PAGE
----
Making a summer blouse is total wishful thinking right now. It seemed to be all warm and nice here for a little while, and then it snowed a few inches over the weekend and went right back to the cold and deceptively sunny weather we’ve had all winter. But I couldn’t resist the allure of a breezy cotton blouse in cheerful colors, so I went ahead and sewed this up, to be squirrelled away for another few months.

Pattern: Summer Blouse from Heather Ross‘s Weekend Sewing
Size made: Small (bust: 36″, length: 23″)
Fabric used: 2 yards Full Moon polka dot in Yellow, 1 fat quarter Tree Peony in Sand, both Amy Butler Lotus fabrics
Date started: don’t know!
Date completed: don’t know!

  • I found the blouse really gigantic, and the cotton I used isn’t very drapey, so I added darts to the back in an attempt to tighten up the silhouette. It is still pretty gigantic and billowy (but at least it’s comfy).
  • I only had a 1-inch bias tape maker, so I used this instead of 3/4″. I think the 1-inch measurement is before it gets folded in half, so actually my bias tape is 1/2″, narrower than the 3/4″ bias tape called for in the book.
  • Did not add a button at the neckline.
  • Had to cut the button loop a lot wider than called for in the book–at the specified dimensions and seam allowance, it was so narrow I couldn’t get my loop turner through it to turn it inside out.
  • Ran out of fabric, so I cut the sleeves a little short–bracelet length instead of “to the base of the thumb” as the book recommends. I would have liked the longer sleeves, but I think they still came out fine.
  • Instead of hemming the lower edges of the sleeves and body, I used the extra bias binding to hem them.

    I think this was fine for the sleeves, but the stiffness of the bias tape adds to the excessive flare of the body. Unfortunately, the blouse was on the short side, so I didn’t feel like I could hem it without baring my midriff.
  • Accidentally sewed the bias tape on wrong, because I didn’t read through the directions carefully. I was supposed to sew it on one side, then fold it over and top-stitch to secure the other side. Instead, I folded it over and sewed just one seam through both layers of tape.


  • As I mentioned, I think there’s a problem with the button loop directions as written. The loop needs to be cut wider, or the seam allowance smaller.
  • I think there’s also a mistake with the yardage requirements and cutting layout shown in the book. There was no way to fit the sleeve above the fronts/backs on the 45″ fabric, so I had to move it down along the fabric, with the result that even with an “extra” 3/8 yard of fabric (I had about 2 yards) I ran a little short and cut the sleeves shorter than the pattern specified. I think the math confirms this: the 45″ fabric is 22.5 inches folded in half, and 1/2 of a front or back for a 36″ bust (without any ease taken into account, even) is about 18″. That only leaves 4.5″ for the width of the sleeve (which is cut out flat in one piece, not folded in half). So if you are planning to make this, buy extra fabric.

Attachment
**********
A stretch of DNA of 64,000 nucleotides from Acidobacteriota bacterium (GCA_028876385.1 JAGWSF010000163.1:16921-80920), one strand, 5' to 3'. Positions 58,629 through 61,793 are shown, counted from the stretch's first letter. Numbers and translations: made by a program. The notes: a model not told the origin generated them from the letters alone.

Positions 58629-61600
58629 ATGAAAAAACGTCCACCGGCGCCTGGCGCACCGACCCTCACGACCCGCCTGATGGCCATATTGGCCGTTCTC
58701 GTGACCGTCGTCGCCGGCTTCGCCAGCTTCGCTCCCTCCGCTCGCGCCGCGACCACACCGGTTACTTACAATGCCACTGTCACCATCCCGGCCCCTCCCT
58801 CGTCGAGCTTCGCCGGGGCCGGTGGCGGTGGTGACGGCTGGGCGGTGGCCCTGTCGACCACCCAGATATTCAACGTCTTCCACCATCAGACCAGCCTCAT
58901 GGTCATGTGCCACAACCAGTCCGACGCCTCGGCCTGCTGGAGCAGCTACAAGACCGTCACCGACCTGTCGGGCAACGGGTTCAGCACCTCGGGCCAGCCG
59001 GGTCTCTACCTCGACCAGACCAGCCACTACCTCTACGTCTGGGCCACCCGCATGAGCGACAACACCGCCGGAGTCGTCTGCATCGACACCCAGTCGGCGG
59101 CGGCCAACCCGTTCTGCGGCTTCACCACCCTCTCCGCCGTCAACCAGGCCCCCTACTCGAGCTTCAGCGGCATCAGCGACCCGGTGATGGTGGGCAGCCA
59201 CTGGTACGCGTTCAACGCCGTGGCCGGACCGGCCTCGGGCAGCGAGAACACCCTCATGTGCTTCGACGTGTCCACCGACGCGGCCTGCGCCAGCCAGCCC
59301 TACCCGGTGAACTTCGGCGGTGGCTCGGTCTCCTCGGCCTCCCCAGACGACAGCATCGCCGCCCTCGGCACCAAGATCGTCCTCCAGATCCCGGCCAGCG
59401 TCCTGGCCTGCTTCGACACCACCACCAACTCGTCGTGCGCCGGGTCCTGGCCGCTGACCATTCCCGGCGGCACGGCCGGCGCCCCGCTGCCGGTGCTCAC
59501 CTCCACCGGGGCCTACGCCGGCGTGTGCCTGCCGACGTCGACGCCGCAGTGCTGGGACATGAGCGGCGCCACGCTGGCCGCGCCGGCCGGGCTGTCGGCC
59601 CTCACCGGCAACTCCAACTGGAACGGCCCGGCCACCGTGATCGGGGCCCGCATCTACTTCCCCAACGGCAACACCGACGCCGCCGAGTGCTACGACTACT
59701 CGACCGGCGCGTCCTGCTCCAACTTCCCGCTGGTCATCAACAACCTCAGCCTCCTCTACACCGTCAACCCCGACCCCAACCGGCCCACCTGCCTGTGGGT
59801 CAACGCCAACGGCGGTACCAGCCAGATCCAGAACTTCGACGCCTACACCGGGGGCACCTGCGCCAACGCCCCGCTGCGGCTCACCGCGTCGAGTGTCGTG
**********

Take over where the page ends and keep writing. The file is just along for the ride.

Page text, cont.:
• If I make this again, I will see if I can figure out a way to take out a couple of inches from the body without making the shoulders too tight. It just felt too big for me. Alternatively, I might try making it in a drapier fabric. I’m a sucker for pretty quilting cotton, but it’s maybe a little too stiff for a non-fitted blouse like this.
  • And I really want to make it again, and figure out a way to make it work as a somewhat fitted garment, so that I can cut it longer and make an awesome sheath dress like Heather’s.
  • The body, aside from being too big, was also too short. If I make another blouse version, I will lengthen the body by probably 4 or 5 inches, and hem instead of binding with bias tape.
  • Another problem I had with the fitting was the neckline (check out that awesome contrast placket, btw. I loved the construction of the placket): The problem with the neckline, which may not be readily apparent, is that it is super high and chokey. I don’t really understand the photo in the book; the blouse (as made by me) has a really high, tight neckline, not the wide bateau neck shown in the photo. It doesn’t matter much, since it looks nice with the lapels turned back, but it would be absolutely impossible to wear with the button fastened. Looking at the few other finished objects in the Weekend Sewing Flickr pool, it looks like other people have had this issue, too. So next time around, I would lower the front neckline by about 3 or 4 inches.
  • I think the bust darts are slightly too low for me. Not sure if I would bother changing this.
  • The pattern mentions sewing a gathering stitch between the markings on the sleeve cap. These seem to have been accidentally omitted from the pattern paper. I just fudged it by sewing along the top part of the sleeve cap. Check the errata for more information about this.
  • The pattern was really simple and well-written (aside from the issues noted above). Aside from not reading the directions carefully enough, I had no particular problems with the pattern instructions. Note that all the patterns in this book are printed on giant fold-out sheets stuck into the front and back of the book. Before you can use them, you need to trace the pieces on tracing paper and cut these out, instead of cutting out the pattern pieces directly. I went on a little tracing spree last night and traced/cut the pieces for another three patterns, and sewed up one more (the Saturday Night Silk Jersey Set, which only has three pattern pieces!)–I’ll have pictures of this one soon; it came out great, but is even less suited to the weather than the Summer Blouse. I am keeping the pattern pieces for each pattern labeled and folded up in a gallon Ziploc bag. Unlike Built By Wendy’s Sew U, there is no envelope included in the book to hold pattern pieces.